The Phoenix's David S. Bernstein interviewed the Republican nominee for governor, Charlie Baker, on Saturday, October 2, outside Needham High School after a campaign rally. Bernstein's profile of Baker's campaign appears online and in print this week. Below is the full transcript of their interview.
BOSTON PHOENIX: You've been thinking about running for Governor for a long time. Is there anything about being a candidate, about selling yourself to voters, that has been more difficult than you expected?
CHARLIE BAKER: Everything. Everything. This is not easy, and I spend a lot of my time learning as I go. I wasn't kidding when I said that I have loved the opportunity to learn so much more about Massachusetts than I ever would have known otherwise, about the people who live here and what they do, and how they make a life. It's a far more varied and diverse state than I ever realized. But I think being a candidate has, yeah, I've been learning all the time.
On that note – about learning about Massachusetts – I've heard your wife joke that you have this habit of staying within your comfortable set of friends. Some people look at you as a little out of touch with ordinary, average people. Was that to some degree true of you up until the campaign?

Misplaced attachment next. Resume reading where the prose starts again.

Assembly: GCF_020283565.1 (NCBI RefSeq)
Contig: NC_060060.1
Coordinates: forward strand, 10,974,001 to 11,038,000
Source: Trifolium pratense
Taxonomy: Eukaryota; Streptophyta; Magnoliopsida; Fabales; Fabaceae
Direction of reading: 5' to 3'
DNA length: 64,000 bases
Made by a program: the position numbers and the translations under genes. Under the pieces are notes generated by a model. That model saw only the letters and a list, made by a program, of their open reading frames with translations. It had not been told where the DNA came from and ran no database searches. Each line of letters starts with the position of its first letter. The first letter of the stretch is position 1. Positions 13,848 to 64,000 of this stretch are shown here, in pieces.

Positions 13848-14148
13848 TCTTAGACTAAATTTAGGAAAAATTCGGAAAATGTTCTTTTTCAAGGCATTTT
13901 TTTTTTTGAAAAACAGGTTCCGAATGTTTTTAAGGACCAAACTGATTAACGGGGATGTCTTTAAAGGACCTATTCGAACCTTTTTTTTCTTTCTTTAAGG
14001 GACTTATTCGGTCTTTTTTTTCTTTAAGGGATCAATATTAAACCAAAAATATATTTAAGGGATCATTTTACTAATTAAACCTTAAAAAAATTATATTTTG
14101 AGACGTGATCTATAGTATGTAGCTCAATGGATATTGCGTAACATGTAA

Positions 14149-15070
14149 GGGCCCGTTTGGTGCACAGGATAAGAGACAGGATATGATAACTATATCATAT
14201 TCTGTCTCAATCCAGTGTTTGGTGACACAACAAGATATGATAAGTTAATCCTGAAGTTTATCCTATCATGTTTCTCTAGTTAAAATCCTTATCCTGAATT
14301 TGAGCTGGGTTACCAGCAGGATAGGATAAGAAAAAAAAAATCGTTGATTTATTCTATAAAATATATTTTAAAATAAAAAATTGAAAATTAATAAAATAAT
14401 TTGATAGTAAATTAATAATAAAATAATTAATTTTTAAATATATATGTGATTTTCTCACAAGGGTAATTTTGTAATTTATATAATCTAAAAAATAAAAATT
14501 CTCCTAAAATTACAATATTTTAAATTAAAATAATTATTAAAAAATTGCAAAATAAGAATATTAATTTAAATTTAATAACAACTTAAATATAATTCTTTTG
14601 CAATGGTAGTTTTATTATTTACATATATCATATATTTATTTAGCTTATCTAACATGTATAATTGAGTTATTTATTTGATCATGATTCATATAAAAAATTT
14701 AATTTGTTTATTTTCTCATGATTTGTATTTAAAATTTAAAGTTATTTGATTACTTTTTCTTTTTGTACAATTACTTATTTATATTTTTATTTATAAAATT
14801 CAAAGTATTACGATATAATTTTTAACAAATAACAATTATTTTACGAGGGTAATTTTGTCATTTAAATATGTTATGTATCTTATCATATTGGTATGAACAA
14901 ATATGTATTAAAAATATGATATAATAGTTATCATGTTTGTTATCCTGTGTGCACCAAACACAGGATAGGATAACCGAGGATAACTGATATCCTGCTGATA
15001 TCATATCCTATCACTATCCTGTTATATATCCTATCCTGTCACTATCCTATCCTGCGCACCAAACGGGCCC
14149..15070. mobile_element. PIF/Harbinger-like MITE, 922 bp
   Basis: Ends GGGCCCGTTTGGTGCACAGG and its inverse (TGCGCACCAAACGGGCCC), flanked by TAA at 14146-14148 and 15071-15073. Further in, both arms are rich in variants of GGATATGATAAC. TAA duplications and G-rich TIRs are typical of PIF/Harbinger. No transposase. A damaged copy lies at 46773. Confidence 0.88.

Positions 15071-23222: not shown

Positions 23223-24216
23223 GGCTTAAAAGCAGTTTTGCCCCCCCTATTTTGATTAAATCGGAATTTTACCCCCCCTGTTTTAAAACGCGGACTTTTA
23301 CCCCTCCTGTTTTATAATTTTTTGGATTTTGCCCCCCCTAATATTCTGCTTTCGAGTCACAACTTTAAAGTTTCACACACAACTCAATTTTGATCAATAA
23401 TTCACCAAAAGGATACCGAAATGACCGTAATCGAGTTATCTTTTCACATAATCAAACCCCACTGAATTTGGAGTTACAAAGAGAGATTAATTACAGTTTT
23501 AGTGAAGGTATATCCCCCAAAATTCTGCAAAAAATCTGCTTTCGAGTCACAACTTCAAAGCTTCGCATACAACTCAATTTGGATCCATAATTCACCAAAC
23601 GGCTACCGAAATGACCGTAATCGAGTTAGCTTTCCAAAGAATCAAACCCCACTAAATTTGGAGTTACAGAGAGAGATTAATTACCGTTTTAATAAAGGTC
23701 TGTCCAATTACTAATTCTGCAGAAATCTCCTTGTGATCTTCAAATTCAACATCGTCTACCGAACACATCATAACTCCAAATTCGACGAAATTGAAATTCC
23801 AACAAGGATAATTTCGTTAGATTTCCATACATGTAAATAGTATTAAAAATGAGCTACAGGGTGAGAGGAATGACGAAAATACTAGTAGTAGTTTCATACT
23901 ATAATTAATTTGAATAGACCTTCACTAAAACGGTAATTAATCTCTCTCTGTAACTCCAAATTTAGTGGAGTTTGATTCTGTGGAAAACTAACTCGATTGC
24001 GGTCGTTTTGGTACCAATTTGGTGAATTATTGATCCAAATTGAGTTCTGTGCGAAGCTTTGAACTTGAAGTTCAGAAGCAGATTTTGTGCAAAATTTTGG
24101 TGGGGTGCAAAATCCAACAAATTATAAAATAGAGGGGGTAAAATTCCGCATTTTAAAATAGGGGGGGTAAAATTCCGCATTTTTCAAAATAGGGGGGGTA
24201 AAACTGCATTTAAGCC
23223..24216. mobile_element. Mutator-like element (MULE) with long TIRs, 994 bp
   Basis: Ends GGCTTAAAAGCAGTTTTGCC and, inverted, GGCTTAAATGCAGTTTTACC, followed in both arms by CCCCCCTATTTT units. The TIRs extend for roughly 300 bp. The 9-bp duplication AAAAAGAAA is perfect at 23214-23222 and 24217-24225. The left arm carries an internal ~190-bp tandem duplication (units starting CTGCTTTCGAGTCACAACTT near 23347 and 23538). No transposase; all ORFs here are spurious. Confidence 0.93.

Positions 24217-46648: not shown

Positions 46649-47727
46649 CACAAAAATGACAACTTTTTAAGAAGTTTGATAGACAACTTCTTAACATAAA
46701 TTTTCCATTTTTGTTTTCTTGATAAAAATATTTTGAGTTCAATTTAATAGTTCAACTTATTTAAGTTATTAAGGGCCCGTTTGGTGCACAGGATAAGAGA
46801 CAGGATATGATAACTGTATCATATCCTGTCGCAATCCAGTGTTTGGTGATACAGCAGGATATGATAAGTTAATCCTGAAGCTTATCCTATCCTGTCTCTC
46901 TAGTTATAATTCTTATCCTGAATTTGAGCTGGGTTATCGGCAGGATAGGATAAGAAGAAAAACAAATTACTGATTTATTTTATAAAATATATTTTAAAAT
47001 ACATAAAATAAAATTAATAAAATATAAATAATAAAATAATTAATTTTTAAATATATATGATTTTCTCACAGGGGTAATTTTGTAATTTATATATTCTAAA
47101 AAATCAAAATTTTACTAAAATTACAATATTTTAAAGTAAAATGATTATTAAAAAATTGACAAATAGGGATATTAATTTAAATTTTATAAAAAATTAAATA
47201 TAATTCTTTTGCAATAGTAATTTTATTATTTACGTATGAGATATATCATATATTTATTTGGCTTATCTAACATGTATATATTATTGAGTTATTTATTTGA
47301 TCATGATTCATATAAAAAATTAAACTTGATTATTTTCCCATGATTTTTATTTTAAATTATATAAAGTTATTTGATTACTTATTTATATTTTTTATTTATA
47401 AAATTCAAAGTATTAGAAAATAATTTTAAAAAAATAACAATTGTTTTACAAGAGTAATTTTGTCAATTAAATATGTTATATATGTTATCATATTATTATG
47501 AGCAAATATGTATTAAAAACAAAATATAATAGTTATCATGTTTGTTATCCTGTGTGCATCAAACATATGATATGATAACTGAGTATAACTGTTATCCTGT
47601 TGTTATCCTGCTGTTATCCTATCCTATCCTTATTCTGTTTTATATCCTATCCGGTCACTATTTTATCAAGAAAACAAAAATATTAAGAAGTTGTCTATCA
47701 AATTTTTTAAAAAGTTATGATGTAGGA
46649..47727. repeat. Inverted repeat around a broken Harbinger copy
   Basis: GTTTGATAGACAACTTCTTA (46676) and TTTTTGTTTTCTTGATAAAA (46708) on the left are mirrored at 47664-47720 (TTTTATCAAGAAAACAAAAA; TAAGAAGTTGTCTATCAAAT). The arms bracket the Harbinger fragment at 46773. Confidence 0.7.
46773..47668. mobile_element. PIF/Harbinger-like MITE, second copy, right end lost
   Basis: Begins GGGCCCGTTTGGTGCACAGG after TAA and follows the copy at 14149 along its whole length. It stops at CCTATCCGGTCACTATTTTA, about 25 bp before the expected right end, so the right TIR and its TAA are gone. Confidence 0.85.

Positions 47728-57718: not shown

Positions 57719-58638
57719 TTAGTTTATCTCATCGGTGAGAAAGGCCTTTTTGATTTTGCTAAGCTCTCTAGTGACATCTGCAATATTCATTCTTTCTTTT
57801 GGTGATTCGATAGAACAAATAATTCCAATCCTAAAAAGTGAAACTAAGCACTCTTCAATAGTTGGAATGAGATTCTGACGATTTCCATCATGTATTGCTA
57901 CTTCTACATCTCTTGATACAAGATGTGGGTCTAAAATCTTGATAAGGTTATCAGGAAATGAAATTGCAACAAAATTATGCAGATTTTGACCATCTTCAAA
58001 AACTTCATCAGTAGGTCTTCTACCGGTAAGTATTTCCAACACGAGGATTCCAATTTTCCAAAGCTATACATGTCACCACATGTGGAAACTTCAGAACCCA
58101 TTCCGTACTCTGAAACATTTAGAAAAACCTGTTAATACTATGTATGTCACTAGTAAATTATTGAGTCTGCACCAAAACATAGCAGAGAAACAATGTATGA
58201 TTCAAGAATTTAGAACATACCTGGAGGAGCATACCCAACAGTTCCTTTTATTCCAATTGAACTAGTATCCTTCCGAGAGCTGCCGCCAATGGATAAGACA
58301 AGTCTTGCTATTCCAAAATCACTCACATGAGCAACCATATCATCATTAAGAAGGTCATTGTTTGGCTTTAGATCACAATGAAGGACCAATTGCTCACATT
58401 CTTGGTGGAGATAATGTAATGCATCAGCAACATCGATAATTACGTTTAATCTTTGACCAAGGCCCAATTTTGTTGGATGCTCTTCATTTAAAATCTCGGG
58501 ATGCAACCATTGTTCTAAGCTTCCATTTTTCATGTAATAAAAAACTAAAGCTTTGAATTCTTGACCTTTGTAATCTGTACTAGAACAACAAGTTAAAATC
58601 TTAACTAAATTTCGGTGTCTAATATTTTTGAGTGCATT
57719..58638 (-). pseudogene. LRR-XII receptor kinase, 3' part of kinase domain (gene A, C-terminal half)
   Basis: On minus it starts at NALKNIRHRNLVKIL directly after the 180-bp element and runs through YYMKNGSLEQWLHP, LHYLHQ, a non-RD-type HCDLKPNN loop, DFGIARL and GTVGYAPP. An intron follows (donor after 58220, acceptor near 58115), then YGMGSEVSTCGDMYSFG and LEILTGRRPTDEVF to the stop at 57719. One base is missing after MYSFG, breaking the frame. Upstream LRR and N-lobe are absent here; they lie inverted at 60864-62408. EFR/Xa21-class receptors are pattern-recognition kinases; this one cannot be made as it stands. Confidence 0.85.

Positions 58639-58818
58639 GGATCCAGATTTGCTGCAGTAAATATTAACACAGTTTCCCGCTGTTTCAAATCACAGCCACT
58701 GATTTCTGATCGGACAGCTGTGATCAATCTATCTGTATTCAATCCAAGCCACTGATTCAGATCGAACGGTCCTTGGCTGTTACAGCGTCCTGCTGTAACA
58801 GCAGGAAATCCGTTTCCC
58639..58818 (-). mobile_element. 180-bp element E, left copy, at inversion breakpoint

No. Most of my friends are ordinary, average people. Most of the people I work with are normal, ordinary, average people. I think one of the hard things about running for office, if you've never done it before, is walking up to a room full of people you don't know, and just walking up to people and throwing your hand out and saying, "Hey, I'm Charlie Baker and I'm running for governor." I guess the way I would describe it is it took me some at-bats to get me to the point where I could just do that, [to] walk into a fair or festival and literally start going from table to table to table.
I don't want to belabor the point, but you're not an average guy. You are a sort of privileged, upper-class individual. Aren't you a little bit separated from –
I am a middle-class-values kid. I've been very lucky in life, but I'm a pretty regular guy.
You think that you can relate to people in the state, what's going on in their lives?
Oh yeah, once you have several thousand conversations with people about – I mean, the most interesting question I ask is the one I ask people all the time every day, which is, how's it going? And when they say, "Fine," I say, "No, I really want to know." And then they start talking. And for a lot of people in Massachusetts, it's not going fine. And there's tremendous anxiety and frustration out there, about all kinds of things and you heard some of it today. One of the things I hear about all the time is this notion that "State government doesn't play by the same rules I play by. I had to make all kinds of changes to my life, and to the way I live, and I don't see Beacon Hill doing that to anywhere near the same degree that I have been." I hear that all the time.